It isn’t often that one comes across a book that picks up the mundane things of life and treats them with a depth that is surprising. However, author Renée Ranchan’s latest book does just that. Titled To Each With Love, the work is a collection of six short stories — of which some are long, that revolve around North India and have undercurrents of a satirical tone.
“The stories have their satirical moments, but there is also humour and varied emotions and feelings that find their place in the stories. When I was writing it, there was no defined direction or methodology that I followed. These are just things that I see or experience that have found their way in my works,” says Ranchan.
Her crisp portrayal of the daughter-in-law Vimla Jain and her family wishing for a son, the awkward Chander who turns street-savvy, a school teacher Lulla who is facing the demons of singledom, and a Kashmiri woman ruing her youthful days – Ranchan’s book gives place to all characters that one will come across in their routine lives.
Of her portrayal of the country and the characters, the author says, “India is a constantly changing country. It has become a schizophrenic nation in many ways. On one hand, we have restaurants introducing navratra thalis and then there is another side where technology is the pied-piper in the country – children are busy in their phones and don’t care about anything. These things linger with you and make you wonder.”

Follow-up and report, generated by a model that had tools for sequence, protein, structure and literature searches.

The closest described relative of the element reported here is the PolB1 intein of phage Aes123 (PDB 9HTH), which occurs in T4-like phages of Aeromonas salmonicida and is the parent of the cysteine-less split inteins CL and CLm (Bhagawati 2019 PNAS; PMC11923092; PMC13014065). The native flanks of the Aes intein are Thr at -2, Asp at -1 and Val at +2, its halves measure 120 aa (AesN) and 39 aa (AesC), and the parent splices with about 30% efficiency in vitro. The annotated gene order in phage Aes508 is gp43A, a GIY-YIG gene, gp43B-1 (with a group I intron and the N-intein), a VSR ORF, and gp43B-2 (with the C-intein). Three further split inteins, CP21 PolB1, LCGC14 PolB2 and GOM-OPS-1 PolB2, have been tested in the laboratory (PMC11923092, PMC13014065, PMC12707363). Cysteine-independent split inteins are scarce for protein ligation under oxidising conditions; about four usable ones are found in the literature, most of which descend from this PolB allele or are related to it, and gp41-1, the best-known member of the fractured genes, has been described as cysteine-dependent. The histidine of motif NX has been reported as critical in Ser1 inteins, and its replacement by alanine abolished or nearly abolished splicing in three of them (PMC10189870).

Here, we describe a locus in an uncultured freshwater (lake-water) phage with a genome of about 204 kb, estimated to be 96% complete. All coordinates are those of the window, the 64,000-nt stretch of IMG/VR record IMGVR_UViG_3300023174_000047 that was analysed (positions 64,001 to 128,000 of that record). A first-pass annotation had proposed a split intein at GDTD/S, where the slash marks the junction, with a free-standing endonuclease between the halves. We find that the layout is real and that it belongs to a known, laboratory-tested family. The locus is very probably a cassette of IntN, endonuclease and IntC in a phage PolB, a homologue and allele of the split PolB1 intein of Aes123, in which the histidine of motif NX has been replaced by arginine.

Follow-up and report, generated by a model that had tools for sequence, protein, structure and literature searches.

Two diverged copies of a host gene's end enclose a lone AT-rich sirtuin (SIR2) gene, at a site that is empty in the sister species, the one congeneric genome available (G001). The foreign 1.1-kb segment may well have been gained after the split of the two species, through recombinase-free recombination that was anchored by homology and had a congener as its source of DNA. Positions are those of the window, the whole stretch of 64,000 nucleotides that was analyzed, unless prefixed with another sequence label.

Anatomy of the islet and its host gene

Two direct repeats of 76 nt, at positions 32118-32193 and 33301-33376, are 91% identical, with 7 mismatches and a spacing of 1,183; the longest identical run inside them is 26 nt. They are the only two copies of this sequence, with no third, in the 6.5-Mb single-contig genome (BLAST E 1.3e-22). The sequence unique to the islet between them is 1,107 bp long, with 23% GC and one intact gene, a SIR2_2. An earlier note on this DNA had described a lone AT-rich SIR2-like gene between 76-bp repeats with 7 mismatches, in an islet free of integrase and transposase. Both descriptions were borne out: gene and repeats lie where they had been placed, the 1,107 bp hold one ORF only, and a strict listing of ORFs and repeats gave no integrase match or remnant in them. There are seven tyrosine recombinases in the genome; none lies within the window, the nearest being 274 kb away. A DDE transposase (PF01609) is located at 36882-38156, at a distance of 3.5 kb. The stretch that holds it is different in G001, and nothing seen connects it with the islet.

Ask her if the stories deliver a message and Ranchan replies, “There’s no such message but a few points do come across through my work. Truth should be taken with a grain as opposed to a pinch of salt. There has to be acceptance of everything and everyone, even if it’s resigned. Surrender – you just throw up your hands and go on with the business of living. And that there is a new lesson to be learnt every day.” The title, she adds, finds inspiration from these points. “To Each With Love - that is the message; you surrender, accept, resign and to each with love you go on.”
Ranchan has also authored a collection of poems — Untwined The Wind in the past, and says that writing a book and poems involve very different processes. “Poetry is about immediacy of expression which makes it precise and succinct. However, writing a story is completely different, the story comes to the author over time. The writer never knows where the plot will go or how a character might become unrecognisable,” she finishes.